WW week number of year (1-53) (The first week starts on the first day of the year.)
IW ISO week number of year (01 - 53; the first Thursday of the new year is in week 1.)
CC century (2 digits) (The twenty-first century starts on 2001-01-01.)
J Julian Day (days since November 24, 4714 BC at midnight)
Q quarter (ignored by to_date and to_timestamp)
RM month in upper case Roman numerals (I-XII; I=January)
rm month in lower case Roman numerals (i-xii; i=January)
TZ upper case time-zone name
tz lower case time-zone name

Modifiers can be applied to any template pattern to alter its behavior. For example, FMMonth is the Month pattern with the FM modifier. Table 9-22 shows the modifier patterns for date/time formatting.

Table 9-22. Template Pattern Modifiers for Date/Time Formatting

Modifier Description Example
FM prefix fill mode (suppress padding blanks and trailing zeroes) FMMonth
TH suffix upper case ordinal number suffix DDTH, e.g., 12TH
th suffix lower case ordinal number suffix DDth, e.g., 12th
FX prefix fixed format global option (see usage notes) FX Month DD Day
TM prefix translation mode (print localized day and month names based on lc_time) TMMonth
SP suffix spell mode (not implemented) DDSP

Usage notes for date/time formatting:

Table 9-23 shows the template patterns available for formatting numeric values.

Table 9-23. Template Patterns for Numeric Formatting

Pattern Description
9 value with the specified number of digits
0 value with leading zeros
. (period) decimal point
, (comma) group (thousand) separator
PR negative value in angle brackets
S sign anchored to number (uses locale)
L currency symbol (uses locale)
D decimal point (uses locale)
G group separator (uses locale)
MI minus sign in specified position (if number < 0)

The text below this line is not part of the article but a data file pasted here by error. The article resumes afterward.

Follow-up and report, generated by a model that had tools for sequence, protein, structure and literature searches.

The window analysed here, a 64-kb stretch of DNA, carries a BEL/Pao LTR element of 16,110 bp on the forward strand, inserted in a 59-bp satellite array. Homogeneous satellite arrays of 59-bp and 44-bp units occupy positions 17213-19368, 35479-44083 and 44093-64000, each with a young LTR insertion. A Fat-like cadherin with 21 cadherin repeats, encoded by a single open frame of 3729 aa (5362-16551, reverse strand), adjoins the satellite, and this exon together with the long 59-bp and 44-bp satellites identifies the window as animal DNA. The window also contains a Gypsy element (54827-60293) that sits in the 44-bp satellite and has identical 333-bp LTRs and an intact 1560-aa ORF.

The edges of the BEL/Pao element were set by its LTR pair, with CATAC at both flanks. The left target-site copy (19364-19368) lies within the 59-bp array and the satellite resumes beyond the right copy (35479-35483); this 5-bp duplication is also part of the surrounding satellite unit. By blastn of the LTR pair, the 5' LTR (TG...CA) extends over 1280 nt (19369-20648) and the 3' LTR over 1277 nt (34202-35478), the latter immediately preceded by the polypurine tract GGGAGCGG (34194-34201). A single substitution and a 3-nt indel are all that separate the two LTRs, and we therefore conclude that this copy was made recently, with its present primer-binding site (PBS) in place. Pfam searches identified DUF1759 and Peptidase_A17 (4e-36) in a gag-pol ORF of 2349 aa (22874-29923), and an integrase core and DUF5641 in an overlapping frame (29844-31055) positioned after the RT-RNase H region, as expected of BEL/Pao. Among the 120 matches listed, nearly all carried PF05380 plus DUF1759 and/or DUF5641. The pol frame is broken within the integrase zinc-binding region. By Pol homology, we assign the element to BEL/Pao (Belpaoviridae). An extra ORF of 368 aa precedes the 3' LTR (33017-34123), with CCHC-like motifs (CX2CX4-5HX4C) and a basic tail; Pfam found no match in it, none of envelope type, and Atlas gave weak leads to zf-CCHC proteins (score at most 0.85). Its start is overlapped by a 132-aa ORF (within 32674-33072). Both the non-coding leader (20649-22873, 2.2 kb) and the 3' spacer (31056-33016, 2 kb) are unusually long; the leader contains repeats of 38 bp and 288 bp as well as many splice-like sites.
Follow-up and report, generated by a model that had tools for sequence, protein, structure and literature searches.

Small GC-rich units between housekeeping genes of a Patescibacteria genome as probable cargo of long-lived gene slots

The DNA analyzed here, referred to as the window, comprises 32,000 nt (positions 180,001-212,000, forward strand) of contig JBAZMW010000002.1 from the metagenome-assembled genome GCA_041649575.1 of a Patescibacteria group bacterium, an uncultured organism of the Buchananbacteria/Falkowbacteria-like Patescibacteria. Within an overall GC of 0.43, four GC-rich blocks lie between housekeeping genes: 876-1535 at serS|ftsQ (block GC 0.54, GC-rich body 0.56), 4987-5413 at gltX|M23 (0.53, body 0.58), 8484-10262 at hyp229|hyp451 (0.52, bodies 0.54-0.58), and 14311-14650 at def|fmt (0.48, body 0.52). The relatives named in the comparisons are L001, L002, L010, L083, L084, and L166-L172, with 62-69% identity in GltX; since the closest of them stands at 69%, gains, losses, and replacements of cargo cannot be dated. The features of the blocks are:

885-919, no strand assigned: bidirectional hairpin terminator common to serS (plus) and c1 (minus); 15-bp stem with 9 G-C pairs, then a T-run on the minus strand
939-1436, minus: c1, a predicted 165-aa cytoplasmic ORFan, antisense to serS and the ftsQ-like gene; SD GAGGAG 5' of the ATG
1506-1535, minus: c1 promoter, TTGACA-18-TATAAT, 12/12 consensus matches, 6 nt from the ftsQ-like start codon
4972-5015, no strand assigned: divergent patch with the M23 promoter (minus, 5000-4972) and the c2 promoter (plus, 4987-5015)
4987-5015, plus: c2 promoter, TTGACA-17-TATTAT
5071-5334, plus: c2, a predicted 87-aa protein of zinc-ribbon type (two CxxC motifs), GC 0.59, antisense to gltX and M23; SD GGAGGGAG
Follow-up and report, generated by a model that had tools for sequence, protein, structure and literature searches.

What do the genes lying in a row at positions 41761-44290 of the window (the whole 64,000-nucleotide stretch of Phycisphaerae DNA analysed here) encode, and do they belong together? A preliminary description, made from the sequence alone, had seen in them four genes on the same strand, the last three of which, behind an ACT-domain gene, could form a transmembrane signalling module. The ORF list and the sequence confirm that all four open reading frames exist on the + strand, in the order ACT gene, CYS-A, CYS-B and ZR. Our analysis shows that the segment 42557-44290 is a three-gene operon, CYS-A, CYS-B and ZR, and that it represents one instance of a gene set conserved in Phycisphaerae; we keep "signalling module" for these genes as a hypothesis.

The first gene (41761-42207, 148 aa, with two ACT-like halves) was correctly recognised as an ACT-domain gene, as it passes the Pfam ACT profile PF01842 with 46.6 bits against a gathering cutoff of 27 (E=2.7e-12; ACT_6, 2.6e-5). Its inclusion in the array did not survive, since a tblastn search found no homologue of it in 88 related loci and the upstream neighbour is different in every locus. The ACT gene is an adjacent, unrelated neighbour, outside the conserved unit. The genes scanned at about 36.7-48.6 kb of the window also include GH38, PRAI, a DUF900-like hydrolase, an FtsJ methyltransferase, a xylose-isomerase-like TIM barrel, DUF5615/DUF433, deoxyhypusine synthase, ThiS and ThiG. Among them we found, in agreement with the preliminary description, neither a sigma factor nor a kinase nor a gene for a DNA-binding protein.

PL plus sign in specified position (if number > 0)
SG plus/minus sign in specified position
RN Roman numeral (input between 1 and 3999)
TH or th ordinal number suffix
V shift specified number of digits (see notes)
EEEE exponent for scientific notation

Usage notes for numeric formatting:

Certain modifiers can be applied to any template pattern to alter its behavior. For example, FM9999 is the 9999 pattern with the FM modifier. Table 9-24 shows the modifier patterns for numeric formatting.

Table 9-24. Template Pattern Modifiers for Numeric Formatting

Modifier Description Example
FM prefix fill mode (suppress padding blanks and trailing zeroes) FM9999
TH suffix upper case ordinal number suffix 999TH
th suffix lower case ordinal number suffix 999th

Table 9-25 shows some examples of the use of the to_char function.

Table 9-25. to_char Examples

Expression Result
to_char(current_timestamp, 'Day, DD HH12:MI:SS') 'Tuesday , 06 05:39:18'
to_char(current_timestamp, 'FMDay, FMDD HH12:MI:SS') 'Tuesday, 6 05:39:18'
to_char(-0.1, '99.99') ' -.10'
to_char(-0.1, 'FM9.99') '-.1'
to_char(0.1, '0.9') ' 0.1'
to_char(12, '9990999.9') ' 0012.0'
to_char(12, 'FM9990999.9') '0012.'
to_char(485, '999') ' 485'
to_char(-485, '999') '-485'
to_char(485, '9 9 9') ' 4 8 5'
to_char(1485, '9,999') ' 1,485'
to_char(1485, '9G999') ' 1 485'
to_char(148.5, '999.999') ' 148.500'
to_char(148.5, 'FM999.999') '148.5'
to_char(148.5, 'FM999.990') '148.500'
to_char(148.5, '999D999') ' 148,500'
to_char(3148.5, '9G999D999') ' 3 148,500'
to_char(-485, '999S') '485-'
to_char(-485, '999MI') '485-'
to_char(485, '999MI') '485 '
to_char(485, 'FM999MI') '485'
to_char(485, 'PL999') '+485'
to_char(485, 'SG999') '+485'
to_char(-485, 'SG999') '-485'
to_char(-485, '9SG99') '4-85'
to_char(-485, '999PR') '<485>'
to_char(485, 'L999') 'DM 485
to_char(485, 'RN') ' CDLXXXV'
to_char(485, 'FMRN') 'CDLXXXV'
to_char(5.2, 'FMRN') 'V'
to_char(482, '999th') ' 482nd'
to_char(485, '"Good number:"999') 'Good number: 485'
to_char(485.8, '"Pre:"999" Post:" .999') 'Pre: 485 Post: .800'
to_char(12, '99V999') ' 12000'
to_char(12.4, '99V999') ' 12400'
to_char(12.45, '99V9') ' 125'
to_char(0.0004859, '9.99EEEE') ' 4.86e-04'